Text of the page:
One to the Wolves, On the Trail of a Killer

BOOK: One to the Wolves, On the Trail of a Killer
6.76Mb size Format: txt, pdf, ePub



On the Trail of a Killer

By Lois Duncan


for “Kait’s Army”

with gratitude


This is a true story.  The facts are documented.  Several names have been changed
to protect individuals who might be endangered if they were identified.

Excerpts from newspaper articles are used with permission of
The Albuquerque Journal, The Albuquerque Tribune, The L.A. Times,
The John Cooke Fraud Report
and are copyrighted in the names of those publications.

Psychic readings that pertain to particular events that are described in the text
but are not paramount to the story are numbered as footnotes and presented in full
in the Appendix.

Cover art is by Kaitlyn Arquette, created at age 10.


“The only thing necessary for the triumph of evil is for good men to do nothing.”
Edmund Burke


Albuquerque Tribune, July 18, 1989


by Lynn Bartels, staff reporter

Kaitlyn Arquette, a recent graduate of Highland High School, was shot in the head
Sunday night as she drove home after having dinner with a girlfriend. The 18-year-old
student, whose mother writes critically acclaimed teen books under the name of Lois
Duncan, died Monday night at University Hospital. Police have no leads in the shooting.

Arquette appeared to have been driving east on Lomas Boulevard with her windows up
when she was shot. She then crashed into a light pole at 401 Lomas Blvd. N.E.

“Kait was a straight arrow,” said Arquette’s sister, 32-year-old Kerry Mahrer of Dallas.
“She worked fulltime at an import store throughout her senior year of high school
and still held down shining grades.”

Mahrer said her sister planned to be a physician and was taking summer classes at
the University of New Mexico.

Mahrer said her parents, Don and Lois Arquette, “were doing as well as could be expected
– lousy.”

Other survivors include a sister, Robin, 34, of Florida, and brothers, Brett, 31,
and Don Jr., 21, of Albuquerque.

Albuquerque Journal, July 21, 1989


by Glen Rosales, staff writer

Albuquerque police are searching for a gray Volkswagen they say may be connected to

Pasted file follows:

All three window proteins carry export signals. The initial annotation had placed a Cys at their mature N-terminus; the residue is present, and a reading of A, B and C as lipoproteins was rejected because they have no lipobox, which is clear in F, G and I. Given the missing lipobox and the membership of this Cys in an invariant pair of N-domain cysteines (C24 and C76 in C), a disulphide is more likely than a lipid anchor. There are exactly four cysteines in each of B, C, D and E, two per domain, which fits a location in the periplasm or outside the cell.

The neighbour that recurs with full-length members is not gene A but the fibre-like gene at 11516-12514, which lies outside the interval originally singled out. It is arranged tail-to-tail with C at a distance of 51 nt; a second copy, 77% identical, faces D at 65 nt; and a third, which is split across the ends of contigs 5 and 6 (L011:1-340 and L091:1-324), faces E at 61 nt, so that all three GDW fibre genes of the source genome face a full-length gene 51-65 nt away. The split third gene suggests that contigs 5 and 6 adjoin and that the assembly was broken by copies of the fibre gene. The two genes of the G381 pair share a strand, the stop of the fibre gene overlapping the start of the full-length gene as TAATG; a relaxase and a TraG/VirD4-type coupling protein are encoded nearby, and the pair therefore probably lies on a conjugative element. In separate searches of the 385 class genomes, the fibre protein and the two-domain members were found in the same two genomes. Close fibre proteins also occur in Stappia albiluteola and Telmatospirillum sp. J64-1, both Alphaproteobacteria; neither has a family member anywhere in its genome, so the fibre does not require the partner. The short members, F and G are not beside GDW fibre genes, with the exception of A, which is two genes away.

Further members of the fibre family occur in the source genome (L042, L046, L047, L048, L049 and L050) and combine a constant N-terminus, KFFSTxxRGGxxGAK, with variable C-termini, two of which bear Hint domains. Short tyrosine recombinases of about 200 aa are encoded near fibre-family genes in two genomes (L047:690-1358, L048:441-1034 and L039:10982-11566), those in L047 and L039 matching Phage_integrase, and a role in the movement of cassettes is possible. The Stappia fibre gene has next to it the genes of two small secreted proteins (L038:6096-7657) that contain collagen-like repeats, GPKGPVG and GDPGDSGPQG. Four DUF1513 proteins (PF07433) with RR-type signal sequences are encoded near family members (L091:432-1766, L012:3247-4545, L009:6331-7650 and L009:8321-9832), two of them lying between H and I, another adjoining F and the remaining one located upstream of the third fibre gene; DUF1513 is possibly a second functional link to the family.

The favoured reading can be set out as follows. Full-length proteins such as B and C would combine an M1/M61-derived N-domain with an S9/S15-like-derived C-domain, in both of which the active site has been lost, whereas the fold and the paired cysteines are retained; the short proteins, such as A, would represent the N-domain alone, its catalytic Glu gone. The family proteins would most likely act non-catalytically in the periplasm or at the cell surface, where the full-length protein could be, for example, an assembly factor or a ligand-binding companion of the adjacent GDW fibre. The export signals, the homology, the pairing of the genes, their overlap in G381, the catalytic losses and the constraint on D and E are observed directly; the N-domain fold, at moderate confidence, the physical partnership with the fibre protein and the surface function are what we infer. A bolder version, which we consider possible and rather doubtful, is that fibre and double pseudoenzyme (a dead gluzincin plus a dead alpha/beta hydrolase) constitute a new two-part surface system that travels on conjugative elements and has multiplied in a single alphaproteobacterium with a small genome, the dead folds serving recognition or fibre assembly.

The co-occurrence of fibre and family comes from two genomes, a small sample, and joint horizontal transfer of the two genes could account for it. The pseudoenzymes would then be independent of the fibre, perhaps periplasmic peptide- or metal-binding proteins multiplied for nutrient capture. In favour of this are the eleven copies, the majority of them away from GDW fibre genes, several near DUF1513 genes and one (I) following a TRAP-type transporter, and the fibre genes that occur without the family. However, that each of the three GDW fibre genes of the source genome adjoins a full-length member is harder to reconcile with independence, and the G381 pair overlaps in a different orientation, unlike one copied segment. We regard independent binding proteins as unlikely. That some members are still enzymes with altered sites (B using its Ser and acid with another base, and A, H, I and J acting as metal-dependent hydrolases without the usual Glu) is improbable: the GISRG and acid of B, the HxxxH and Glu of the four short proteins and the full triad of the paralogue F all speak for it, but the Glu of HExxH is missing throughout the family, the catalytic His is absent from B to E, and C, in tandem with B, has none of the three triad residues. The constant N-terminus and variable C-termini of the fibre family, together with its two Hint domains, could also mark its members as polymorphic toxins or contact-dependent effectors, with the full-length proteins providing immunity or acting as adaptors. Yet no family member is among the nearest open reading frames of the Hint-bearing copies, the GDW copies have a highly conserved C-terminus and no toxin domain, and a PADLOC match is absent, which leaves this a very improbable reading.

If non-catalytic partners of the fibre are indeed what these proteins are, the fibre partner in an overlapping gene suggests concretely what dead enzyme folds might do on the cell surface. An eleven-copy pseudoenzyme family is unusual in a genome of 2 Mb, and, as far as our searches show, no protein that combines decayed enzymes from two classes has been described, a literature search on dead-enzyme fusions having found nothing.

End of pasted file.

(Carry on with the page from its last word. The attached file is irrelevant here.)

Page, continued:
the shooting of Kaitlyn Arquette … “We are not saying this is a suspect’s car,” police
Chief Sam Baca said during a news conference. “It was seen around the area around
the time of the shooting.”

Outside the funeral, Kaitlyn’s girlfriends filed past Dung Nguyen, Kaitlyn’s boyfriend,
hugging and consoling him.

Later, he talked about the night Kaitlyn was shot.

“I waited and waited for her,” Nguyen said. “But she never came home. Nobody called
me. Nobody told me nothing. Then police came to the door. They started searching my
house, going through everything. They asked my whereabouts that night. They asked
if I had a gun. I kept asking them, ‘What happened?’ When they told me, I went down
there, but she had already been taken to the hospital. I went to the hospital. It
didn’t look like her. I didn’t know who she was.”

Albuquerque Tribune, January 18, 1990


by Cary Tyler, staff reporter

Three men have been arrested in the shooting death of Kaitlyn Arquette.

Juvenal Escobedo, 21; Miguel Garcia, 18; and Dennis “Marty” Martinez, 18, were arrested
Wednesday night. The suspects were charged on open counts of murder and using a gun
in a crime. They are being held at the City-County Jail. A Crime Stopper’s tip led
to the arrests, Herrera said.

Arquette was the youngest of five children and daughter of author Lois Arquette, who
uses the pen name, Lois Duncan. Her father, Donald, is an electrical engineer at Sandia